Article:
Someone stole my Identity

Why is identity theft so widespread? According to the 2005 Fraud Survey by the Better Business Bureau, half of victims recognize their perpetrator. These are warning signs to watch out for:

1. resentment:

I used to work at a company that handled stolen and lost credit card reports. I don't know how often someone calls to report that their former or soon-to-be former spouse has stolen all their financial details and gone on a spending spree in revenge. This type of emotional blackmail can happen to anyone - not just ex-husbands or wives - but it's especially strong when angered. Identity theft can have devastating results both financially and emotionally. When someone has access to all of your private information, they often become familiar with you.

No matter the relationship, it's essential that you monitor your credit score and other financial data regularly.

Identity theft - the most devastating form of identity theft

2.The Snoop. People who ask too many personal questions. It's easy to ignore them, and they may even have access to your personal information without your knowledge or consent. While ID theft may seem harmless at first glance, it has become one of the most serious crimes in America.

3.Addiction "I do not have any drug addicts in my family." Substance abusers will take advantage of any deal, and identity thieves include addicts to porn and alcoholics. The internet is now worth billions of dollars as Jim Vaules, an expert on identity theft for Lexis Nexis, tells us. He notes that many online gambling and porn sites use stolen cards.

Identity Thieves may use the card of someone close to them, or use someone else's identity. Any obsessive behavior can rob one of their ability to think rationally; the only thing that matters is finishing the habit right now! Addiction can also lead identity thieves to justify their actions.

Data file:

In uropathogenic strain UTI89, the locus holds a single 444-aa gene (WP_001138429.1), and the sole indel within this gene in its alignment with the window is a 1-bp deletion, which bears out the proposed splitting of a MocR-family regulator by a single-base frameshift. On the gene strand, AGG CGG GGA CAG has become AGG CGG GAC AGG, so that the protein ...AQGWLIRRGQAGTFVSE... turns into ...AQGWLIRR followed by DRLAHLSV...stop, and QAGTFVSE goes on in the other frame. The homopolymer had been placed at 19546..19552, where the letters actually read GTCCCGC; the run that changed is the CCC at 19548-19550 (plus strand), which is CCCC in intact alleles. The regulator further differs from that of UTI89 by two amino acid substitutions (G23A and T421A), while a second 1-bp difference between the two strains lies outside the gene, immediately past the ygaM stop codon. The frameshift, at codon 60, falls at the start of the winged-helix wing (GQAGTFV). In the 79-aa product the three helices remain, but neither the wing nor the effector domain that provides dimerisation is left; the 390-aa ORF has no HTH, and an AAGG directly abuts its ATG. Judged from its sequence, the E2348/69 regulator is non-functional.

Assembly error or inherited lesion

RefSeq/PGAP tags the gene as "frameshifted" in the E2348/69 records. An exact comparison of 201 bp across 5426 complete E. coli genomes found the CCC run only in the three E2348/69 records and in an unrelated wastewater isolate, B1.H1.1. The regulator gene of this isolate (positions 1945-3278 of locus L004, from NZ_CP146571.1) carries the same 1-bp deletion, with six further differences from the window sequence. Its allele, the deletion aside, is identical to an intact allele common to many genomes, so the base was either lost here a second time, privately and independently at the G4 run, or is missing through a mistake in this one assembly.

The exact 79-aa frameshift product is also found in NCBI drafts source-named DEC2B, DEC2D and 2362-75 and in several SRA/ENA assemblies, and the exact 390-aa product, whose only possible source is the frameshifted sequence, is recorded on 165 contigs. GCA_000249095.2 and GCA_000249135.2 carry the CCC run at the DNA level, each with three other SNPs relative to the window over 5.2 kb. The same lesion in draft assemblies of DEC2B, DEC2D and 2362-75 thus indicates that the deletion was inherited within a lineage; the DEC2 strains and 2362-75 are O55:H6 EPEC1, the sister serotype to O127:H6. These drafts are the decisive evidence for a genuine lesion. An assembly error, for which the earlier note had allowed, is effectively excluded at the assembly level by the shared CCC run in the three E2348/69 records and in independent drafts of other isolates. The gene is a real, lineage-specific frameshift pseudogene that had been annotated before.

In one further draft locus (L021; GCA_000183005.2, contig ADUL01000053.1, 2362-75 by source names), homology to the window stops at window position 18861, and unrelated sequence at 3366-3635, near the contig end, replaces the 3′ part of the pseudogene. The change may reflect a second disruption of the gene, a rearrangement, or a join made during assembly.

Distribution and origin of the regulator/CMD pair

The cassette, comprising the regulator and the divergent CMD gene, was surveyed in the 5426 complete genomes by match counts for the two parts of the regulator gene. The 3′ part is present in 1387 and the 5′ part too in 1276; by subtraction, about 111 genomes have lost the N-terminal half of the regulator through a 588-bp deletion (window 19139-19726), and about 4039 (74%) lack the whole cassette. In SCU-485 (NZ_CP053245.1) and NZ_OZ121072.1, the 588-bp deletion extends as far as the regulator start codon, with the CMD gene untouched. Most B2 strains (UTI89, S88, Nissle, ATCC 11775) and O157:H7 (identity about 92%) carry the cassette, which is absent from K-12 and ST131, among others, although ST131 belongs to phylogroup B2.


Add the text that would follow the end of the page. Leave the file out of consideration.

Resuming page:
Even if caught red-handed, it's possible they will claim it wasn't their fault, blame you or simply shrug their shoulders and say "so what?" In such cases, what should you do? Filing a police report may not be a bad idea.

According to MSN Money author Liz Pullman Weston, "a little tough love may just be enough" to prevent criminals from turning into career felons. Even if they apologize profusely and promise never to do it again (which is perfectly normal), there's likely that they won't unless they receive counseling. No matter how reluctant, filing a police report is possible regardless of their response. You may also observe other warning signs.

People living beyond their means, or mail that appears to have been altered are all signs that something is amiss. You should remain vigilant with credit monitoring, keeping private information safe, shredding documents and being on the lookout for identity theft. The best part of identity theft is knowing it wasn't someone close to you - giving you peace of mind that it wasn't someone familiar.

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Thursday, 18 July 2024
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